4 "Unisex" Reproductive Health Tips in the Kitchen
Last updated September 13, 2021
Male and female fertility is often discussed separately, but there are a lot of commonalities – perhaps not surprisingly, since men and women share 99.7% of the same genes. So, a lot of the tips that apply to one sex for reproductive health also apply to the other. Here are the 4 pieces of "unisex" advice that apply to both men and women, when it comes to flexing your kitchen for your reproductive health.
1. Go Mediterranean.
Researchers agree that eating patterns similar to the Mediterranean diet benefit both men and women on the reproductive health front.
For example, a study of 357 women found that women who followed the Mediterranean diet more closely had a higher chance of having a baby (44%) than those whose diet was less Mediterranean (31%). Another study reported a similar result, with the benefit of the Mediterranean diet more pronounced among women under 35 than those between 35 and 41 – among the younger age group, a 5-point increase in adherence to the Mediterranean diet was associated with a whopping 2.7-time increase in having a baby.
On the male side, the evidence is more mixed and sometimes incomplete, with studies using sperm quality parameters as study endpoints rather than pregnancies or live births – i.e., we don’t know if the observed superiority of sperm quality led to a successful pregnancy. However, multiple studies have found that men who eat closer to the Mediterranean way had better sperm parameters. This includes sperm motility (the sperm’s ability to move), sperm count, concentration and morphology (physical shape of the sperm).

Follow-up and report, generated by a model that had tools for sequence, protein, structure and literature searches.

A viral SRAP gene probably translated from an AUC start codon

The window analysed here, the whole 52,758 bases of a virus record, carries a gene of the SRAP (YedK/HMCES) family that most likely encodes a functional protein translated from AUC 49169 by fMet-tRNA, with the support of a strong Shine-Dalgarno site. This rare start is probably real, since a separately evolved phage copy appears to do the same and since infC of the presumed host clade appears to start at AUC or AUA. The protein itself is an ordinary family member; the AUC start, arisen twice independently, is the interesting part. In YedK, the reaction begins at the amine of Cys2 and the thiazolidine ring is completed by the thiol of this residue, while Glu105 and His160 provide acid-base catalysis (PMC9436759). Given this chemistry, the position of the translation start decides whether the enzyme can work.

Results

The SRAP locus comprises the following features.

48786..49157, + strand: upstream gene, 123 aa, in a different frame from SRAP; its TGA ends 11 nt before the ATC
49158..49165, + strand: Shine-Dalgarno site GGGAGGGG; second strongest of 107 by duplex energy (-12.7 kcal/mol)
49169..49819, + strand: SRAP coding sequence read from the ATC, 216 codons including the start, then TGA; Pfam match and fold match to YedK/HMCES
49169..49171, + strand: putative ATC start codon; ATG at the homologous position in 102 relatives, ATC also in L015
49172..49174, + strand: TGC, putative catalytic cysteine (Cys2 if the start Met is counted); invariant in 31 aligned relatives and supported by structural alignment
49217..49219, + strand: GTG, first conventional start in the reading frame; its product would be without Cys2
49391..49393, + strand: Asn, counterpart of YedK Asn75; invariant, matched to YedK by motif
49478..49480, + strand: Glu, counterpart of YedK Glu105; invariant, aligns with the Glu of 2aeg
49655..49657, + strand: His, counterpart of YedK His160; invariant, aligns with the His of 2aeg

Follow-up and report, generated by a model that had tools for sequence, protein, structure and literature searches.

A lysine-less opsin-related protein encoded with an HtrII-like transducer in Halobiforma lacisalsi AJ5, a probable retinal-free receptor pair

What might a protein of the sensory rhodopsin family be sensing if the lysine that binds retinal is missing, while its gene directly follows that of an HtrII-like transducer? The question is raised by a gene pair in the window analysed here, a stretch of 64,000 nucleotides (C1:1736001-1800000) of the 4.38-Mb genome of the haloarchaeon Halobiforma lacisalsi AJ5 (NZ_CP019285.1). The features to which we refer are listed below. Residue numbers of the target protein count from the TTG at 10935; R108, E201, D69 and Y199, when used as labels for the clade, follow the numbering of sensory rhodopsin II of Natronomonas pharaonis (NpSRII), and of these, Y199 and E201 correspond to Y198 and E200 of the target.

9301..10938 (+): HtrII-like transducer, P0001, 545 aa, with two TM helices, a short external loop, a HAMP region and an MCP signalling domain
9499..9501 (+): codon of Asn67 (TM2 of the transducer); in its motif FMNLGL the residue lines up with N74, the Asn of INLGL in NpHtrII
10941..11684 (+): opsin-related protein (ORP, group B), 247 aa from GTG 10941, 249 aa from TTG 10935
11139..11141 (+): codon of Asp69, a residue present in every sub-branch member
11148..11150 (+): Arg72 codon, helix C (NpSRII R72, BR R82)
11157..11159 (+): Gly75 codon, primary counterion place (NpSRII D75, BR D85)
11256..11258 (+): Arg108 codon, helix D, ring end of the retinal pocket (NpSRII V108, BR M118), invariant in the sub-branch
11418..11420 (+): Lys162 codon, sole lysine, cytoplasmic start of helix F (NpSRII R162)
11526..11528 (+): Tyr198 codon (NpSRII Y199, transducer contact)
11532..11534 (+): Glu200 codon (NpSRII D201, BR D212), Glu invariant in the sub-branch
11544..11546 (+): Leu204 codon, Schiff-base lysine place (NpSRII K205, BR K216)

Mediterranean diet is considered one of the healthiest eating patterns of the world, and doctors recommend this way of eating for various health benefits beyond fertility, including cardiovascular health. This is the diet that Rebecca Fett, the best-selling author of the book “It Starts with the Egg” recommends to people preparing for a healthy pregnancy (with a recipe book, too). Defining features of the Mediterranean diet include:
- Plant-based foods as the building block of meals. This includes fresh vegetables, whole grains and beans/legumes.
- Fish and seafood featuring heavily.
- Olive oil as the main cooking and dressing oil.
- Fresh fruits and yogurt taking the lead role in the dessert course.
2. Protect eggs and sperm with antioxidants.
Antioxidants are the micronutrients that help the body fend off damages from reactive oxygen species (ROS). ROSs can damage proteins, lipids and DNA of our cells, including our eggs and sperm, which are particularly vulnerable to oxidative stress during cell division. Antioxidants inhibit the chemical process that produces ROS, thus helping the body avoid cell damage.
Vitamins A, C and E are antioxidants, as are some minerals like zinc and selenium. CoQ10, or coenzyme Q10, also plays a role as an antioxidant. Aim to include foods rich in these antioxidant for reproductive health.
- Zinc: Zinc plays a crucial role in facilitating normal cell division. As such, zinc is an essential facilitator of male and female reproductive processes, including spermatogenesis, oocyte maturation and maintenance of healthy pregnancy. On the male side, zinc is found in semen in high concentrations, protecting the integrity of sperm DNA. Whole grains and dairy are good sources.
- Selenium: Normal levels of selenium among women have been found to be associated with lower risks of pregnancy complications, as well as the healthy development of the baby after birth. While the relationship between female reproductive health and selenium is still an emerging area of study, in animal studies, selenium has been suggested as an important regulator of granulosa cell growth – the cells that provide structural and nutritional support to the growing oocytes. On the male side, selenium is considered an essential element during spermatogenesis, with a normal level of selenium having been found to support sperm motility. Brazil nuts, by far, are the richest source of selenium, followed by seafood like tuna and halibut.